New Federal Regulations Require Accessible Airline Websites and Kiosks

By Renee Dopplick, ACM Director of Public Policy
November 27, 2013

New federal regulations by the U.S. Department of Transportation require airlines to make their websites and airport kiosks more accessible for people with disabilities. Airlines have up to 2 years to make reservation, flight, and frequent flyer account information on their websites accessible and up to 3 years to make their entire websites accessible. They have up to 10 years to ensure that at least 25% of kiosks are accessible.

The required technical standard for airline websites is WCAG 2.0, an international web accessibility standard published by the World Wide Web Consortium (W3C). Airline websites, including any embedded third-party software, will need to meet the standard’s Level AA performance criteria. The U.S. Access Board has proposed incorporating WCAG 2.0 into its anticipated update of Section 508 requirements governing the accessibility of public websites provided by federal agencies.

Airlines must consult with individuals or organizations representing visual, auditory, tactile, and cognitive disabilities when testing the accessibility and usability of their websites. As a best practice, airlines are encouraged to work with disability advocacy organizations when developing accessible websites, rather than waiting until the testing phase, so accessibility can be built-in by design. The Final Rule encourages, but does not require, airlines to integrate all the feedback. Airlines are not obligated to incorporate suggested web accessibility changes that would be “unduly burdensome to implement.”

External links to partially or entirely inaccessible websites “containing information and consumer comments about the carrier’s services” must be accompanied by a disclaimer that the external website is not within the airline’s control and might not follow the same accessibility policies. The Final Rule uses the example of the Social Security Administration, which provides a popup “External Link Disclaimer” for social media links. In contrast, the Final Rule spotlights the U.S. Department of Education and the U.S. Department of Homeland Security as two agencies that have “collaborated successfully” with those social media providers to provide accessible interfaces; their websites do not provide an “External Link Disclaimer” when users click on social media links.

Customers with disabilities who are unable to book flights online due to inaccessible airline websites continue to be entitled to online airfare discounts when making reservations by phone. The Final Rule reinforces the existing obligation of airlines to disclose online discounts and to waive fees not imposed on online reservations. The Final Rule warns airlines that a failure to provide such disclosures and equivalent pricing could result in enforcement action. Underscoring this warning and the need for properly trained customer service staff, the Final Rule references a research study conducted in 2010 by USACM member Dr. Jonathan Lazar, a Professor in the Department of Computer and Information Sciences and the Director of the Universal Usability Laboratory at Towson University, and his students. That research study revealed possible compliance problems whereby customers who identified themselves as disabled and unable to book flights online due to accessibility problems did not always receive equivalent pricing by phone as online customers.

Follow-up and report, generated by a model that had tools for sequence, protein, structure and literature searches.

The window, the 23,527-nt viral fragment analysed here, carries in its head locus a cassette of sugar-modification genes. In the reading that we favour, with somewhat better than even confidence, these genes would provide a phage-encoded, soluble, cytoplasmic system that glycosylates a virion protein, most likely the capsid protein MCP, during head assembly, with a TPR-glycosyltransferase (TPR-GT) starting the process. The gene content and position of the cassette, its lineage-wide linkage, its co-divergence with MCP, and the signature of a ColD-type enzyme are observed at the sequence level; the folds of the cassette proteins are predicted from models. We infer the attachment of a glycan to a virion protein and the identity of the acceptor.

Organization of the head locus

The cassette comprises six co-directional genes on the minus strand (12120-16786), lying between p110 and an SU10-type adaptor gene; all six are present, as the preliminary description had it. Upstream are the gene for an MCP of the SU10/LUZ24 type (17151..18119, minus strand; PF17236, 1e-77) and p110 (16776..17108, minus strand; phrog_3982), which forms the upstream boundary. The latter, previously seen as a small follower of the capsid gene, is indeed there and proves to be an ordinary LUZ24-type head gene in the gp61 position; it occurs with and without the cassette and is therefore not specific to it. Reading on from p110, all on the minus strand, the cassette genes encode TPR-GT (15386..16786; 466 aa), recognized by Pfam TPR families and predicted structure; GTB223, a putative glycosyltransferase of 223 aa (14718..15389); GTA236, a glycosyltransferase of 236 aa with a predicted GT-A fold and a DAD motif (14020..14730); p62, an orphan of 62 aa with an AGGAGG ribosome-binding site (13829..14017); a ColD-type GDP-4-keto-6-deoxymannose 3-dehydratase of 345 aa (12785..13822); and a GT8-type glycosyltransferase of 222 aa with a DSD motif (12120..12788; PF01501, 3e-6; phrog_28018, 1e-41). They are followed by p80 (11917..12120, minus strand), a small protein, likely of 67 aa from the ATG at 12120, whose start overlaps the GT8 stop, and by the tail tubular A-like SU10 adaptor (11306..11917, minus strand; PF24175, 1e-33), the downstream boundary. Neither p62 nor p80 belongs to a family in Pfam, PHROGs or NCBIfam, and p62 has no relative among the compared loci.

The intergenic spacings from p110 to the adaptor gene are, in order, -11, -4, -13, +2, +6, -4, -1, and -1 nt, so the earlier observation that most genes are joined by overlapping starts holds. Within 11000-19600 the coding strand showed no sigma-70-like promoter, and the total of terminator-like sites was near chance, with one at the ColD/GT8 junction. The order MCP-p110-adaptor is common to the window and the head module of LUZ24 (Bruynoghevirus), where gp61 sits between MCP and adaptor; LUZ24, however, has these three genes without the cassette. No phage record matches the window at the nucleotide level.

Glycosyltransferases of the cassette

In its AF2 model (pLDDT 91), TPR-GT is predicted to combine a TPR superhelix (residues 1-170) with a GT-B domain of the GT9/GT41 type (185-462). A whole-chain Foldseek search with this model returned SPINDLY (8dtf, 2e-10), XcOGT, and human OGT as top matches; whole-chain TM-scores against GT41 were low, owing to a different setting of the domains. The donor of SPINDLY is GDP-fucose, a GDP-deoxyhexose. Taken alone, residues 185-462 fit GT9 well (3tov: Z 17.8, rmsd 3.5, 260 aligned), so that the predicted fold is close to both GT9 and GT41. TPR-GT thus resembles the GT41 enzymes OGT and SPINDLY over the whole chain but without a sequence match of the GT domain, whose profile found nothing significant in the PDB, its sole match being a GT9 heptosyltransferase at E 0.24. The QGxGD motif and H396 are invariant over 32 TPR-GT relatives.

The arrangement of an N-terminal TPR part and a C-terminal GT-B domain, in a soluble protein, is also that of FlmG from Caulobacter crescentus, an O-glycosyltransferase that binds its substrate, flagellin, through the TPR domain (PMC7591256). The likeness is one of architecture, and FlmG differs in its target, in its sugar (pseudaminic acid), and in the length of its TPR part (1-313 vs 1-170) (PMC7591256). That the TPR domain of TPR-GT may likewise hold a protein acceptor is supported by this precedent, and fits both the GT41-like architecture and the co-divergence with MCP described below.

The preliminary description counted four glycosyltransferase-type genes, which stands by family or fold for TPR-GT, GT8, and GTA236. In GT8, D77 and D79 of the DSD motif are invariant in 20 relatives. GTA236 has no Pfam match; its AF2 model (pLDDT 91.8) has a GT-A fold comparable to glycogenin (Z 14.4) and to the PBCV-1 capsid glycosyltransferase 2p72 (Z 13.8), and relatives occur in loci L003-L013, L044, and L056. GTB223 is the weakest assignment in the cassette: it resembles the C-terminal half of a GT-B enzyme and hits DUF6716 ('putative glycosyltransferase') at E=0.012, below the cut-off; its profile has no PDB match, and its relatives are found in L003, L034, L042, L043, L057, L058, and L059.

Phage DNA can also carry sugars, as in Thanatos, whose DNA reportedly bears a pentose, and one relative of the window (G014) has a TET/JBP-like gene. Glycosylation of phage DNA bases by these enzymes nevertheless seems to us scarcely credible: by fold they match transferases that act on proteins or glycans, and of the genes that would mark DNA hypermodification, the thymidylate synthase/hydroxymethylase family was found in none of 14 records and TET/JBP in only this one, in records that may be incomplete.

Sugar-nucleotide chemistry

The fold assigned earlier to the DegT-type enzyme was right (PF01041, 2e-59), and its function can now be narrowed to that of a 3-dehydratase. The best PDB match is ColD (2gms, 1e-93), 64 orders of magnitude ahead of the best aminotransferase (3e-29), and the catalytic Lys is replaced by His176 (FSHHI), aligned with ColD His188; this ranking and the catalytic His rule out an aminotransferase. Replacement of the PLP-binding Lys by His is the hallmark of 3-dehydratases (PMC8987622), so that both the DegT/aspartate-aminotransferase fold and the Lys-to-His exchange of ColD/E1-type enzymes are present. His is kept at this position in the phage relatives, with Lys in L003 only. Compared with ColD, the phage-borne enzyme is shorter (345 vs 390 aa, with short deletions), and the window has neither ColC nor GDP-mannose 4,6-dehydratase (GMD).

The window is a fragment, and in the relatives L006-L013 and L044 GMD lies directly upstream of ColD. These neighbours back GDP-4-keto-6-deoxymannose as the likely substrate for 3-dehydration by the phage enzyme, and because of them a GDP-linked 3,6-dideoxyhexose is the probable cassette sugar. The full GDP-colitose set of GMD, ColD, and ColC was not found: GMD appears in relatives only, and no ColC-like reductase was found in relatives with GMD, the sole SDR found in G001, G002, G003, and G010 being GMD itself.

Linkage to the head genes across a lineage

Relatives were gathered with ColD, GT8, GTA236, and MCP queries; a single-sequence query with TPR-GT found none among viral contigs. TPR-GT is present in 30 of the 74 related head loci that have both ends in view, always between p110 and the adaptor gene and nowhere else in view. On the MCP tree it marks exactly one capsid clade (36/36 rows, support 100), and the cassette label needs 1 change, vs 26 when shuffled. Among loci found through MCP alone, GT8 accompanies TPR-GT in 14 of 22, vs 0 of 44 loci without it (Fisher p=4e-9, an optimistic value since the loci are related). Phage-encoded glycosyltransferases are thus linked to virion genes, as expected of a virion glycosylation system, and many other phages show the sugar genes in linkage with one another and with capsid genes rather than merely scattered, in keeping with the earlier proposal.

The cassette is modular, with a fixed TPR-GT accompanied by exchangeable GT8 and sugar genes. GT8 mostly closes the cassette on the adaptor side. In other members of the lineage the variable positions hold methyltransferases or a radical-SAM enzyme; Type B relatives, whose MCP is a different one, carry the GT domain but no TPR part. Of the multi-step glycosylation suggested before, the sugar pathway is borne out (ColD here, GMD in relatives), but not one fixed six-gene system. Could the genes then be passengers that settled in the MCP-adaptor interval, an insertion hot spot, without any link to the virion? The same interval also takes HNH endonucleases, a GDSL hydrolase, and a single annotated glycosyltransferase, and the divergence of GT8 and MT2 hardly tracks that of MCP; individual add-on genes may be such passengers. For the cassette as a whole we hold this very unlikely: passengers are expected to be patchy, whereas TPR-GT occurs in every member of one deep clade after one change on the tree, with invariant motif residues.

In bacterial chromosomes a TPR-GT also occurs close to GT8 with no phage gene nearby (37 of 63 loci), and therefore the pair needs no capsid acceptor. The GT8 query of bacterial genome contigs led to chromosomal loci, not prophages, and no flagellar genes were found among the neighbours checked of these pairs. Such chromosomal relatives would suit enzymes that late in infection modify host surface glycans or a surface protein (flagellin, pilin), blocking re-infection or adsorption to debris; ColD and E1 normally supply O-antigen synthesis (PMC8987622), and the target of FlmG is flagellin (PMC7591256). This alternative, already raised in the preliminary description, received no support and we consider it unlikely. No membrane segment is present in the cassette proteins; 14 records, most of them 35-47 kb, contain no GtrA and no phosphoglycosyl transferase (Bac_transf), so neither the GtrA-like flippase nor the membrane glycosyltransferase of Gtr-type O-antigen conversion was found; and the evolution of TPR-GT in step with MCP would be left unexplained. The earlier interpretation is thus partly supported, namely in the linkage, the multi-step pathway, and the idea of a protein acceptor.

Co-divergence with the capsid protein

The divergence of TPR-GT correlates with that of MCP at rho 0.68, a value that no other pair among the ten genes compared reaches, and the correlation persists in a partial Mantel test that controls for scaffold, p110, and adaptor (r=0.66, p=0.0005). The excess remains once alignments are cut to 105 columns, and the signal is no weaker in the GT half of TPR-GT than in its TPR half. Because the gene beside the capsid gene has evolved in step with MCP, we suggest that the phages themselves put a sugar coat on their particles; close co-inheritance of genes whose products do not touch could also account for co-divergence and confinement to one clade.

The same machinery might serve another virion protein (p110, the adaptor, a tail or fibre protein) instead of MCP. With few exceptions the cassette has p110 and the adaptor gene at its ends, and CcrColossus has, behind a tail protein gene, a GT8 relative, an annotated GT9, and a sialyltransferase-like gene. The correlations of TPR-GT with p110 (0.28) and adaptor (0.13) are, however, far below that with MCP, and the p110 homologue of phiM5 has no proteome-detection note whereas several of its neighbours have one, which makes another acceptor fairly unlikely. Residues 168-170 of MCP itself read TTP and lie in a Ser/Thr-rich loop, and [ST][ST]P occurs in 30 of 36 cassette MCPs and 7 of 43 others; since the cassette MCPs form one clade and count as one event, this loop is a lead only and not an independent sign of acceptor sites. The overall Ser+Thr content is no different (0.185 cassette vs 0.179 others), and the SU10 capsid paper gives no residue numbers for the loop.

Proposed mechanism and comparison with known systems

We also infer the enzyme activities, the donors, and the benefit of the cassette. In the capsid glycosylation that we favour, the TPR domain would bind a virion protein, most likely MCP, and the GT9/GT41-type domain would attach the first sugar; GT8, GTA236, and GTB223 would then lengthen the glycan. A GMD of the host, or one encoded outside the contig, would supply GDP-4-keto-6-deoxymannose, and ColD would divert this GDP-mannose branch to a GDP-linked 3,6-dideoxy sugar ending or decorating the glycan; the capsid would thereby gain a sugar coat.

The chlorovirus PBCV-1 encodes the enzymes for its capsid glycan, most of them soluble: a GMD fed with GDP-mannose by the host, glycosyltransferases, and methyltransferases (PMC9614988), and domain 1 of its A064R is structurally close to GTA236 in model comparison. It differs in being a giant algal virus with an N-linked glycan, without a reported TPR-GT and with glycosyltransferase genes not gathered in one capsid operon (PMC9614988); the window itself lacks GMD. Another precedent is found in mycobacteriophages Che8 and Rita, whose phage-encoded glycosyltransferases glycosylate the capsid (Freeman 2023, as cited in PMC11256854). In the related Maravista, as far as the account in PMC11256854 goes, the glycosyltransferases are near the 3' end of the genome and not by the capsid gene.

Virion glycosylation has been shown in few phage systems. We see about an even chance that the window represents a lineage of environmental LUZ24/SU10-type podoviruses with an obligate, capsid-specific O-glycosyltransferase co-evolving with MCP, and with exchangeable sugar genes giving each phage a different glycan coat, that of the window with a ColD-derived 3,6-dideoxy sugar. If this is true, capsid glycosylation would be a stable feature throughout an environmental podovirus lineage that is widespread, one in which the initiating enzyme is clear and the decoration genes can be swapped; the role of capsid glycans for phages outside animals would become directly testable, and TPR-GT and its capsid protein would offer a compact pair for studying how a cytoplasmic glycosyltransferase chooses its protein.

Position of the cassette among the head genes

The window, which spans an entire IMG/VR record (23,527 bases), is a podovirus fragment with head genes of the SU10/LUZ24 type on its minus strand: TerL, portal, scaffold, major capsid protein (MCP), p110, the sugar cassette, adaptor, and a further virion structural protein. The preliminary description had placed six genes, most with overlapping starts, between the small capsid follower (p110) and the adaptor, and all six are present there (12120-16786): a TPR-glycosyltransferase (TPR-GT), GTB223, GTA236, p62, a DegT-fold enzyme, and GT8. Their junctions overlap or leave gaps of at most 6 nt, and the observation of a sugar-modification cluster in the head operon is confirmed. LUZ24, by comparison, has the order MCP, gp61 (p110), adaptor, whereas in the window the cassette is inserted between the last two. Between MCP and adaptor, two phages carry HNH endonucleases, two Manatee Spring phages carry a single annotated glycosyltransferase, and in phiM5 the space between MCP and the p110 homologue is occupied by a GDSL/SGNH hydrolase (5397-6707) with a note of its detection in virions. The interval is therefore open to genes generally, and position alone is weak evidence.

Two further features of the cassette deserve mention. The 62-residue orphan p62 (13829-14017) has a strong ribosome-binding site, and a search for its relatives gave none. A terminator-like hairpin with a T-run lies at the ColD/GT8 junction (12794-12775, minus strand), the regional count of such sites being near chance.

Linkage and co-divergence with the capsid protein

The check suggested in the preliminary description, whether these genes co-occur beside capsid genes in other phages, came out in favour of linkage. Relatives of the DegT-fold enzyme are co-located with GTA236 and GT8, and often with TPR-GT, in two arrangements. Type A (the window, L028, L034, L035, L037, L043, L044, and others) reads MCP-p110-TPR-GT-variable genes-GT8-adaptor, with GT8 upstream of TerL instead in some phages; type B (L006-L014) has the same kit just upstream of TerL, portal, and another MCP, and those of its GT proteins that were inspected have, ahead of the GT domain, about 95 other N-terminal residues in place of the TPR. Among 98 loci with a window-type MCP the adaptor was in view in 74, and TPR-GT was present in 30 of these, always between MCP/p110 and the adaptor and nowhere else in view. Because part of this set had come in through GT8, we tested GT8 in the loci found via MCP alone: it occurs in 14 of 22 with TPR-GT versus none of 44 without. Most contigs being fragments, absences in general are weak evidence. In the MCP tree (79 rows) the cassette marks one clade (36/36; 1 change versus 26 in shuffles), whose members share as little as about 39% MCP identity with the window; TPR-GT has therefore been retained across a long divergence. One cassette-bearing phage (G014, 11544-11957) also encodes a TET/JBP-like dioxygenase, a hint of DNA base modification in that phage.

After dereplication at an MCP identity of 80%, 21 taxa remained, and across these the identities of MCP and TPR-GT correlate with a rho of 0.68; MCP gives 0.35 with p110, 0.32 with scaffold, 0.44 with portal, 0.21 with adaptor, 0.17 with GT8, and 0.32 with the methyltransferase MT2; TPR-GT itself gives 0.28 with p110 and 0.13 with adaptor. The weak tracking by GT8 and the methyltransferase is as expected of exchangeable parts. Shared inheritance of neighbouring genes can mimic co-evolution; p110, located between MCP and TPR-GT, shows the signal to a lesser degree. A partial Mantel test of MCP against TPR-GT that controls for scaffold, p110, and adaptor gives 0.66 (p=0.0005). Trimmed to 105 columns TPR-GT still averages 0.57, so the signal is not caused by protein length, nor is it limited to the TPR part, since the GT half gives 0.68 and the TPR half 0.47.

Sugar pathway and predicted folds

In 2010, Dr. Jonathan Lazar and students at the Department of Computer and Information Sciences of Towson State University conducted a study involving test calls to major carriers to determine how consistently carriers comply with these requirements. Their findings suggested that there are compliance problems. After placing a series of 60 phone calls (15 calls to each of 4 major carriers), students who self-identified as blind and specifically stated that they were unable to access the carrier’s Web site noted at least one instance per carrier of price discrimination (e.g., discounted Web-based fares offered online were not disclosed to the caller or the agent refused to waive the telephone reservation fee). The rate of compliance failure was as high as 33 percent and 40 percent respectively for two carriers.

The new regulations apply to U.S. and foreign airlines with at least one flight in the United States capable of carrying more than 60 passengers. The Final Rule amends rules implementing the Air Carrier Access Act (ACAA) and Section 504 of the Rehabilitation Act, as well as a rule prohibiting unfair and deceptive practices and unfair methods of competition.

For more information, read the U.S. Department of Transportation’s Final Rule on Nondiscrimination on the Basis of Disability in Air Travel: Accessibility of Web Sites and Automated Kiosks at U.S. Airports.